Best Practice is best for a Reason

Best Practice is best for a Reason

We are still learning the extent of the impact from the SolarWinds hack across the 33K customers who used their Orion software. Just as we are working to fully understand the impact, we are still learning the mechanisms employed to carry it out. While we may never know the full extent of either; there are some early lessons learned.

The attackers were able to leverage legitimate credentials for malicious purposes, unchecked, for months - possibly longer. With these credentials, they gained administrative access and were able to move laterally on all affected networks with relative ease. The latest trend in cybersecurity is zero trust, which, at its core, means everyone should be authenticated at all times, regardless of who they are or where their device sits on the network.

Traditionally, in cybersecurity, any device or user already inside the network is presumed ‘safe’ for cost savings and user convenience. An assumption which, ultimately, aided the SolarWinds perpetrators.

By contrast, zero trust is inherent to physical access because it is expected that every person in the company, from the CEO down, will badge through a barrier for entry each time. Just because someone gains access through the front door, that does not mean they have been authenticated to pass through other doors in the building. Even more, most PACS operators would not consider using a system that did not provide anomalous credential usage reporting. Even residential security systems employ this.

In physical access, just like cyber security, there are credentials for individuals, devices and servers. Most obvious are the proximity or smartcard-based cards and tokens used to interact with door readers. Now, there is a shift to making these keys virtual, stored on mobile devices scanned optically or sent wirelessly.

Some of these credentials are behind the scenes, authenticating communication between system components. Identity credentials, serving as keys, are throughout access control. In cybersecurity, a credential is a key that opens a lock a lock, as well. The distinction between identity credentials and keys, physical tokens and virtual ones, even physical and cyber security are all blurring – becoming the same thing.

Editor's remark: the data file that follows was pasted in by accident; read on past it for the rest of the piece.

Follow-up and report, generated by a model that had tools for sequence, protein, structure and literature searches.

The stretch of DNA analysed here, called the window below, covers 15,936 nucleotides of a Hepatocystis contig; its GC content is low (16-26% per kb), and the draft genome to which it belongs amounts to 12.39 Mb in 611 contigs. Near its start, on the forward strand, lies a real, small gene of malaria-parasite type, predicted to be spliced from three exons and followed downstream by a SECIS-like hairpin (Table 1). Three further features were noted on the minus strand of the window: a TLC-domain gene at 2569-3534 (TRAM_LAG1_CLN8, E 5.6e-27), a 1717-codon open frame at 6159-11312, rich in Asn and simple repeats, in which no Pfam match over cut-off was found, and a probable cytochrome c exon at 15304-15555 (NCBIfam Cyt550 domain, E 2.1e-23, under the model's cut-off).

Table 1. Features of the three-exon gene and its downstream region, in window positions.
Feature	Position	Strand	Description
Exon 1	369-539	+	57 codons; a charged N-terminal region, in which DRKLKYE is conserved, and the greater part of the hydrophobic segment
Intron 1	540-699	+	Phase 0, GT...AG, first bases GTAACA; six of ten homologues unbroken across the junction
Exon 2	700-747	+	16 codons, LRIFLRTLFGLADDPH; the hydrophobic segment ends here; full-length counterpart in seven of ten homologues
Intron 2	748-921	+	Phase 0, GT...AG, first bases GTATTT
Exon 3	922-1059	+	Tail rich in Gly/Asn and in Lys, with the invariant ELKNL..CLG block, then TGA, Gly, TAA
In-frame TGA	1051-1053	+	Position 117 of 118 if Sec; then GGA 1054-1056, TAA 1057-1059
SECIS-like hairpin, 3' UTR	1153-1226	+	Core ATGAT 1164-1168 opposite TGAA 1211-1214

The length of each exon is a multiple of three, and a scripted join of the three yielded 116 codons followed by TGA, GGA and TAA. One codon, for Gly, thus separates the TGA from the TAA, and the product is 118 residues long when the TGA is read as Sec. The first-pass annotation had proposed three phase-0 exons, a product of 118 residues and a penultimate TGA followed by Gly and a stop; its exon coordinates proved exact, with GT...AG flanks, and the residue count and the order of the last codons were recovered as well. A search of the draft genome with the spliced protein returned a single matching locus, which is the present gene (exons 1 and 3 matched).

Yet, when it comes to monitoring of these credentials, physical and cybersecurity focus on monitoring the locks alone, which does not provide 100% situational awareness. The keys must be monitored, as well. The SolarWinds hack reminds us that attackers are most dangerous when they can use legitimate credentials for malicious means unchecked.

Over the past decade, there has been a transition from less secure authenticators like passwords and proximity badges in cyber and physical security to higher assurance networked credentials that can be used simultaneously in both physical and logical access control systems. Not only must credentials be closely monitored, but equally as important, is the monitoring of the credential issuers. The ‘credential network’ that supports the security of an organization’s data network provides valuable insight into the risk associated with accepting certain types of keys.

We see this concept in action in other industries – for example, credit card companies mitigate fraud with similar monitoring practices. Our transactions are monitored for anomalous usage, issuing banks for batches of compromised cards and so on.

Consumers take for granted the existence of this monitoring, feeling safer that their identity is secure or at least their financial exposure is reduced as a result. High assurance government and commercial credentials were created as a network backed technology with this type of monitoring in mind.

Security suffers where assumptions are made. Do not simply assume a credential is valid because it is genuine; instead, continuously monitor the trustworthiness of your entitled users’ credentials. The stakes have never been higher and cyber and physical security depends on using all the capabilities at your disposal, the best practices from all corners of security, whether traditionally physical, cyber or financial.

About the Author

Jeff Nigriny is the CEO of CertiPath.


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